St. Matthew's Episcopal Church Maple Glen, Pennsylvania

 

Readings and Reflections for the First Sunday of Lent

  Deuteronomy 26:1-11

  Romans 10:8b-13

  Luke 4:1-13

  Psalm 91:1-2, 9-16

  Dear Friends,

Deuteronomy 26 describes a liturgy in which the worshiper presents the first fruits of the harvest in the promised land, reciting the story of Israel’s historic travels and escape from Egypt. Today this is observed among Jewish people as part of the feast of weeks or booths.  It celebrates the Lord who keeps his promises and cares for his people.

Luke’s Gospel tells the story of Jesus, fresh from the affirmation of his baptism, being tempted by the devil in the wilderness.  If he is the beloved Son, will not God provide for him richly, allowing him to use divine power to make bread from stones?  Will the Lord not protect Jesus from all harm, even if he were to leap from a great height onto the rocks below?  Would not God want him to rule over all the kingdoms of the earth?  Jesus has a different sense of what it means to be the Beloved of God.  Rather than presume upon this relationship to provide material power, prosperity, and safety, Jesus is determined to be faithful and obedient, trusting above all else God’s word to him and wherever it leads him.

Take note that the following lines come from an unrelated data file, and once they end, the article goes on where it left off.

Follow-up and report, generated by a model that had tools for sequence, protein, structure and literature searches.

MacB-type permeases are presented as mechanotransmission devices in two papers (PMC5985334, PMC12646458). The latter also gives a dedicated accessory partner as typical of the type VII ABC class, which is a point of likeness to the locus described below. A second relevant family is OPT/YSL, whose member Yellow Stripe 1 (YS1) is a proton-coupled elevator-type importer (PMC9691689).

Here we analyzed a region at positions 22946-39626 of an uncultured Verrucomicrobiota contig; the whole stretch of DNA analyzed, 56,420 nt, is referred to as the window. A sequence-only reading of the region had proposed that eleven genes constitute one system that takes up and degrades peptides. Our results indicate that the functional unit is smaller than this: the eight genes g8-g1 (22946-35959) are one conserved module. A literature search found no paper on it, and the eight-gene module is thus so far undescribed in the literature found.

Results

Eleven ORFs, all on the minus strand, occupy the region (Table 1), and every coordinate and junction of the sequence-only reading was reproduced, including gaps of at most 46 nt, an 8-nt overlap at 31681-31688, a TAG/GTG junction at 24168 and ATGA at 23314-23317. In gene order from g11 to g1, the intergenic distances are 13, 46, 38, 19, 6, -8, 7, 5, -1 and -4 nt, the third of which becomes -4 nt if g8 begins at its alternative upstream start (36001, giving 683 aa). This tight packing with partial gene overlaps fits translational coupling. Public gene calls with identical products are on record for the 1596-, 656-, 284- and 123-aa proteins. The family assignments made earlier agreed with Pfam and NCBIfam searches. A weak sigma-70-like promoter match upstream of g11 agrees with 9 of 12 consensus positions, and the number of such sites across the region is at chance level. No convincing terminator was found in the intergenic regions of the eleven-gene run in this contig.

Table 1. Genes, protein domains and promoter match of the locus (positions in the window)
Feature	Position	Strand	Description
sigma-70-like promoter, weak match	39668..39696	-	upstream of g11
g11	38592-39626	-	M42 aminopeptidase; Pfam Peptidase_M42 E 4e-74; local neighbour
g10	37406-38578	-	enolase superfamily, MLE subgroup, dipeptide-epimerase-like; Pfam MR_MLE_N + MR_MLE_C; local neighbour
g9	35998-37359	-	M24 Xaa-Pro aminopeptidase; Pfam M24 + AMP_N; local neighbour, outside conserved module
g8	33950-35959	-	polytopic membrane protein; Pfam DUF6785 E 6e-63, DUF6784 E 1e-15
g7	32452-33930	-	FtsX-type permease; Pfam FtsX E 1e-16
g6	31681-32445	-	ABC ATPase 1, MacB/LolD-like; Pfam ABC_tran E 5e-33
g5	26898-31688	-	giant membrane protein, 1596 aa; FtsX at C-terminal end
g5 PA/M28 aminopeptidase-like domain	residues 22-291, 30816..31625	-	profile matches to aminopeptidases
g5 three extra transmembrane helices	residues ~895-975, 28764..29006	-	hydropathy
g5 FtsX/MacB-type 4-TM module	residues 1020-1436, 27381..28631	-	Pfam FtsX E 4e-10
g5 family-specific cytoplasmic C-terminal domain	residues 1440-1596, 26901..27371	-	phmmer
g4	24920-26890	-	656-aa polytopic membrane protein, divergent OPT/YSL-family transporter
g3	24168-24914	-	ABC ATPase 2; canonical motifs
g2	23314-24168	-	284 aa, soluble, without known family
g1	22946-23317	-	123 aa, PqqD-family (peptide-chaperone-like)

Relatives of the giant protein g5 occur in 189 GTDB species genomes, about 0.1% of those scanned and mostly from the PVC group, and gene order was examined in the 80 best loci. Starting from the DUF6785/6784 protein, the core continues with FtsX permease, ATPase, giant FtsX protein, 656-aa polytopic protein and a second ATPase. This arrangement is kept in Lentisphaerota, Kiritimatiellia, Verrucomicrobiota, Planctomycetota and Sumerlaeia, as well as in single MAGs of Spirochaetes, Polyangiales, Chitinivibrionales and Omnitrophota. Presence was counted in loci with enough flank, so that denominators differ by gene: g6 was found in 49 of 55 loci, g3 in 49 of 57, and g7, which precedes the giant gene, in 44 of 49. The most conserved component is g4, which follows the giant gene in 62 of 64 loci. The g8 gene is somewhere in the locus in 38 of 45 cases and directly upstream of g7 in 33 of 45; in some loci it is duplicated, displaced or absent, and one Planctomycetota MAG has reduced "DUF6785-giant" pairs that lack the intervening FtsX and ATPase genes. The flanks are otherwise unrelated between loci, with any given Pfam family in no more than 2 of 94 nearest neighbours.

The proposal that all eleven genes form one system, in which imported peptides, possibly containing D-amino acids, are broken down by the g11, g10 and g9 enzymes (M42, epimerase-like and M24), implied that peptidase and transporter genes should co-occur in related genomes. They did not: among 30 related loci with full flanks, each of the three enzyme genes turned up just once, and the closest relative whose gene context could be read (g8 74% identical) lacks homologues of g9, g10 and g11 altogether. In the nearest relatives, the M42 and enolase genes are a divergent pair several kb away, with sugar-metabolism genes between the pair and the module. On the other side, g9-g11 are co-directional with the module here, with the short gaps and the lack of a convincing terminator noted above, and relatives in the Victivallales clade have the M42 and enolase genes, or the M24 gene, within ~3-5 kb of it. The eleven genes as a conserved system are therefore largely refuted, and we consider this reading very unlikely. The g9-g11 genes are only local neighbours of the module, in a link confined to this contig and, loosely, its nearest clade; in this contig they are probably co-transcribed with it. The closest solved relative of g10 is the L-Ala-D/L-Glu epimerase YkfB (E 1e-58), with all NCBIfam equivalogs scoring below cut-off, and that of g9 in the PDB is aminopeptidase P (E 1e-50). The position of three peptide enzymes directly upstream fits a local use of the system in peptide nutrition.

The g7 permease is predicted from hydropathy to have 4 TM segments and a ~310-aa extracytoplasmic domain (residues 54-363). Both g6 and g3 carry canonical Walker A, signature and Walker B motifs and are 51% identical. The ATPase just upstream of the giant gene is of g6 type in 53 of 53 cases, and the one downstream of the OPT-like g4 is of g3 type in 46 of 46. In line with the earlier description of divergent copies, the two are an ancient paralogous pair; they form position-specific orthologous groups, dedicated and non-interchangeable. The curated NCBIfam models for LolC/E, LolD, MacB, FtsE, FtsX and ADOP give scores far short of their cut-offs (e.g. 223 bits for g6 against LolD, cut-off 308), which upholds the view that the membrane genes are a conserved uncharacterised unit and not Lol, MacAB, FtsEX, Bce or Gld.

Speaking to the Christian community in Rome, Paul describes a relationship of trusting Jesus Christ: by calling upon his name we are saved.  Here, to be saved is to believe and trust Jesus as the one who has been raised from the dead.  Those who trust will not be “put to shame.”  Their trust will be rewarded by the love and power of God, just as Jesus’ own trust in God was rewarded with resurrection.

Comment: What does it mean to be “saved?” It means here and now that I have a relationship with God, who has made known his love in Christ Jesus and shares his life and purpose with me.  My side of this is to listen to and trust God’s word, letting his Spirit lead me as I make my way in this world to serve God.  What it does not mean is that I will be spared all difficulty and struggle, living in a “bubble” of divine protection.  The Lord may ask me to do hard things, and it is almost inevitable that opposition will arise. And we all face the reality that we are “dust” – fragile beings who are subject to illness and death.  In the face of all this, Lord, help us to trust you!

David S. Robinson, Rector
Saint Matthew’s Episcopal Church
Maple Glen, PA 19002